An Engineering Approach to Long Haul Data Transfers
File transfers over long fat networks (LFNs) offer several performance challenges with respect to pairing multiple sites with high performance storage and networking hardware. In particular, it is challenging to achieve high levels of data throughput performance while simultaneously accessing federated storage system components, multiple high performance network interfaces, complicated intra-node communication networks, and high-latency wide area networks.
Although performance studies of wide area networks have been a frequent topic of interest, performance analyses have tended to focus on network latency characteristics and peak throughput using network traffic generators. In this talk we instead focus on an end-to-end long distance networking analysis that includes reading large data sets from a source file system based on enterprise storage hardware and committing the data to a remote destination file system constructed of similar enterprise hardware. We will begin with a discussion of results related to scheduling storage system access to achieve peak read and write throughput with long haul networks, leveraging multiple network interfaces to improve host-level performance, and alleviating intra-host bottlenecks.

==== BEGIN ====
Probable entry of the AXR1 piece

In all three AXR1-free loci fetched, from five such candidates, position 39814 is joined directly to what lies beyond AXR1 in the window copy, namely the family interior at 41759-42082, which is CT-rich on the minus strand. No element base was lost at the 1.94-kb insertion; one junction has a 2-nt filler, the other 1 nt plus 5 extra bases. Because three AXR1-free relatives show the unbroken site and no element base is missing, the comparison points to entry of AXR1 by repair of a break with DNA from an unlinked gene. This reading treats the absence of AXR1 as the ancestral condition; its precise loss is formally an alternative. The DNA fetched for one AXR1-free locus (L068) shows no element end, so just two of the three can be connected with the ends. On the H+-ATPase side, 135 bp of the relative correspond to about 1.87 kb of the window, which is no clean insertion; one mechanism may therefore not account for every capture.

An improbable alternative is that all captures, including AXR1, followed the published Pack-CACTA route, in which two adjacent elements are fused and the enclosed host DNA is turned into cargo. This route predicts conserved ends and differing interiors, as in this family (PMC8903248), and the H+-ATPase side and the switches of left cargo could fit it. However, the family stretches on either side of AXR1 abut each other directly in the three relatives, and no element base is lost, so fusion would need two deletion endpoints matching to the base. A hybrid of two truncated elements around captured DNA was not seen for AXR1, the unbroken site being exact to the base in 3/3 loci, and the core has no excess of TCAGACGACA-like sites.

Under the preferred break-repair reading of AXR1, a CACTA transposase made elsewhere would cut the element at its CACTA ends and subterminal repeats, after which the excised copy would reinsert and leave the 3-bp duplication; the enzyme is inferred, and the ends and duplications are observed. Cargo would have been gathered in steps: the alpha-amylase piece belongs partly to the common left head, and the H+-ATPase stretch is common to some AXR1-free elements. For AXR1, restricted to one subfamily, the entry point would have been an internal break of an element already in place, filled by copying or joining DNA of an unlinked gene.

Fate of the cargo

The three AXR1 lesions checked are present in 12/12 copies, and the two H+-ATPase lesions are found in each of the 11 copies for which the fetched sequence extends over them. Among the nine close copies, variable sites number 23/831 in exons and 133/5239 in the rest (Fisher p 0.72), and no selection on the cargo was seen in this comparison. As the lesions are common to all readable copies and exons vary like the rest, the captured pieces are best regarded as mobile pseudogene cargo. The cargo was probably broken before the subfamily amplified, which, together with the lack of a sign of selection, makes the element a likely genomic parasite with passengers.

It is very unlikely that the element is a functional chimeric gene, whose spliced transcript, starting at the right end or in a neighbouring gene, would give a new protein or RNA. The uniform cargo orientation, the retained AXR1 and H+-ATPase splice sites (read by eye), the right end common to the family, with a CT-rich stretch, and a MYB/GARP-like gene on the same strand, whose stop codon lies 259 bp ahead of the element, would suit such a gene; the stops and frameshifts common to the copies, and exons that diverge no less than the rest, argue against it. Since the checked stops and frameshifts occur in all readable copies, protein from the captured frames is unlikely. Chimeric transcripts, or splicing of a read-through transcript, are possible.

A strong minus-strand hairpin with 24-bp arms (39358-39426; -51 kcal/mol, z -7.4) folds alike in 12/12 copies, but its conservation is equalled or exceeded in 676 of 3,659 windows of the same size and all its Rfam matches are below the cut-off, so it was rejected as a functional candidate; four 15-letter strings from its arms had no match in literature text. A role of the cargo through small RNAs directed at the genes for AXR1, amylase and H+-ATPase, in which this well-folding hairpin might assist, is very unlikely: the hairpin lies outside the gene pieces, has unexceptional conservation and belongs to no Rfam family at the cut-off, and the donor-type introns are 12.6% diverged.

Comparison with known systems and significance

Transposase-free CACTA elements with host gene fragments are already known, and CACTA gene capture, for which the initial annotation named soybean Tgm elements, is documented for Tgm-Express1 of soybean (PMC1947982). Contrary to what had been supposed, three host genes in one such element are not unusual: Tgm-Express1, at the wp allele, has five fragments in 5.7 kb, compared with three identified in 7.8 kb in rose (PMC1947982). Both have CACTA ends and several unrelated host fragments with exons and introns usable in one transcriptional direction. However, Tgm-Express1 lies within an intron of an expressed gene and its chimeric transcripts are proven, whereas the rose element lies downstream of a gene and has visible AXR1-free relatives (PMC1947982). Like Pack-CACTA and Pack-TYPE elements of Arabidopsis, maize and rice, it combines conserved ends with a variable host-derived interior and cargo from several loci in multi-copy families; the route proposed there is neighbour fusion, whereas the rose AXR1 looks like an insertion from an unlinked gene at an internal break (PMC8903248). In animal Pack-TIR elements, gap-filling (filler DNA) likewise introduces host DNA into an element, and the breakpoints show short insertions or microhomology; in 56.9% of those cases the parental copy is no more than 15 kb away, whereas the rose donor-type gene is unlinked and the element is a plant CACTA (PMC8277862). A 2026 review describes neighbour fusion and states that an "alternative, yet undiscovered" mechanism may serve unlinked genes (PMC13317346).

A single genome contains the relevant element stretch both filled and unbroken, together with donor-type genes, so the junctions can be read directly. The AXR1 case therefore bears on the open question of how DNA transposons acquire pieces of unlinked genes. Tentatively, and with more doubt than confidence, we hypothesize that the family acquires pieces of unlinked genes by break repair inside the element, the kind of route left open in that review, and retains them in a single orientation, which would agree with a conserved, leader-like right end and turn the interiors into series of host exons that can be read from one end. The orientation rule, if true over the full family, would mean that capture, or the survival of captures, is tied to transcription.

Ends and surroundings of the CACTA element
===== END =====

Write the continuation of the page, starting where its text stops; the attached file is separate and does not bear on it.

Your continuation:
Our engineering approach then extends to include the development of analytical models that leverage differential regression to interpolate and extrapolate data transfer results from existing real and emulated networks, resulting in an effective modeling technique for predicting performance at various physical connection distances. Finally, we describe extensions to our differential regression technique to leverage refinements in our storage profiling models.